Mitt Romney released his 2011 tax return and the media went nuts.
Every angle got explored. The narratives were legion.
- Romney gave a “gift” the the government by overpaying on his taxes.
- Romney’s 2011 rate of making charitable donations is higher than Obama’s. 29.4% for Romney vs. 21.8% for Obama.
- Romney’s tax return was crafted to prove he always pays at least a 13% rate as he previously claimed.
- Romney could have given more to charity but it would have lowered his tax rate.
- Romney’s taxes prove he’s not fit to be president based on his own words.
These are interesting times.
And on every side of every single one of those points there are voices shouting that it proves something and other voices shouting that it proves the exact opposite.
It’s enough to make your head spin. Ah, spin. That word is also interesting.
I have a different sort of question about all of this, though: Where Mitt Romney is concerned, what kind of “charity” are we talking about?
An analysis (by Business Insider) shows in years 2009 and 2010 the “vast majority” (approx. 80 percent) of Romney’s charitable contributions were directed to the Mormon Church.
As always, where Romney is concerned, the financials get rather complicated. The donations take the form of tithes and other contributions, like stock donations.
Interestingly, though, if you set aside Romney’s contribution to his own church, suddenly Obama has the higher rate of charitable contributions. And that’s not exactly the same narrative they want to be sold. Factor in that wee little fact and suddenly Obama’s rate of charitable giving becomes four times higher than Romney’s.
So the question becomes: Is giving to your own church the same as giving to a “charity?”
Donations to churches are tax deductible. So it is legal for Romney to claim tithes and other forms of contributions on his tax returns. But is it “charitable” giving?
On the issue of tithing, members of the Mormon church are required to give 10 percent of their gross income to maintain their good standing in the church. Members who don’t meet their tithing requirements may lose their “recommends,” be deemed “unworthy,” and be prevented from entering the Temple. They may also be barred from other official church functions.
In my mind, the requirement that tithing is mandatory or members lose any kind of standing in their church weakens the argument that tithing is equivalent to charitable giving. In this regard tithing is more akin to a membership fee.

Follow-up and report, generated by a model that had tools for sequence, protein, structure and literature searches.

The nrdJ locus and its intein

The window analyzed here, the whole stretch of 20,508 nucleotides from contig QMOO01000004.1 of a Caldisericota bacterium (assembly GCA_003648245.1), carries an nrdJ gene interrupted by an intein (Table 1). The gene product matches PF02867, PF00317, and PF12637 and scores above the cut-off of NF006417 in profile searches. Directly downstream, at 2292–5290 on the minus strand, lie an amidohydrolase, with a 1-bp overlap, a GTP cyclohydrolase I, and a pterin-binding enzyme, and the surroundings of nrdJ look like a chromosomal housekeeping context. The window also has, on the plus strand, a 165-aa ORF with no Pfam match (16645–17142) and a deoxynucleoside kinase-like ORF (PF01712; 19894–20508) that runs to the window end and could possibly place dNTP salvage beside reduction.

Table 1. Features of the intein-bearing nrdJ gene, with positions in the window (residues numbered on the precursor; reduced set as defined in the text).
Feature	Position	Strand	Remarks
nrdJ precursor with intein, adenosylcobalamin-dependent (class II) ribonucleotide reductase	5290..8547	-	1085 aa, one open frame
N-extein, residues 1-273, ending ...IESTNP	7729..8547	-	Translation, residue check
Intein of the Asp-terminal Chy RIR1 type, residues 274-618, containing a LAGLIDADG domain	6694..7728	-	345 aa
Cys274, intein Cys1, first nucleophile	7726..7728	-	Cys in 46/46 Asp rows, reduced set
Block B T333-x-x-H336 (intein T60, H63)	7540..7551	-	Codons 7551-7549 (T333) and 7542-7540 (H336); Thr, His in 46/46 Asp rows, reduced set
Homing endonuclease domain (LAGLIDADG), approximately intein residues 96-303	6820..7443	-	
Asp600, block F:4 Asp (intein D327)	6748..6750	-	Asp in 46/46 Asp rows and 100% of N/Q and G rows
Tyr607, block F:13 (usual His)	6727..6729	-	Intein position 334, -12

I do believe that the Mormon Church does a lot of charitable good. There is no doubt about that. But it is also true that charity begins at home. And, as an organization, it is the mission of the church to take care of itself before any charity work is done. As such, charity is an ancillary function of the church, superseded by things like growth of the church. This includes the acquisition of land, the building of facilities (chapels and temples). The church also spends money on education and other programs.
The Mormon Church is estimated to be worth about $30 billion. That’s an estimate because, unlike true charitable organizations, the Mormon Church is fiercely secretive about its financial status. It has not published financial statements in the United States since 1959. It does publish them in Canada and the United Kingdom, but only because it is required to do so by law. The United States has no similar law.
Charitable organizations, on the other hand, publish financial statements. This enables verification of things like income, administration costs, and where the money is going. This form of transparency is often crucial when people decide where they’d like to donate their money. Not so with the Mormon Church where financial secrecy is paramount.
Under U.S. law, churches and 501(c)(3) organizations are prohibited from conducting political campaigns or intervening in elections to public office.
Yet the Mormon Church has a stated objective to inject itself into American “public discourse” in the “public square.”
In a posting entitled “Let there be light!” on LDS.org in Nov. 2010, Elder Quentin L. Cook wrote:
As Church leaders, we have met with leaders of other faiths and have found that there is a common moral foundation that transcends theological differences and unites us in our aspirations for a better society.
In our increasingly unrighteous world, it is essential that values based on religious belief be part of the public discourse. Moral positions informed by a religious conscience must be accorded equal access to the public square. Under the constitutions of most countries, a religious conscience may not be given preference, but neither should it be disregarded.
Cook is a member of the Quorum of the Twelve Apostles in The Church of Jesus Christ of Latter-day Saints (LDS Church). As such, he is viewed as an apostle by members of the church.
What do you think? Does tithing constitute a form of charitable giving? Is it self-serving to claim that one’s tithes prove that one is more charitable than someone else?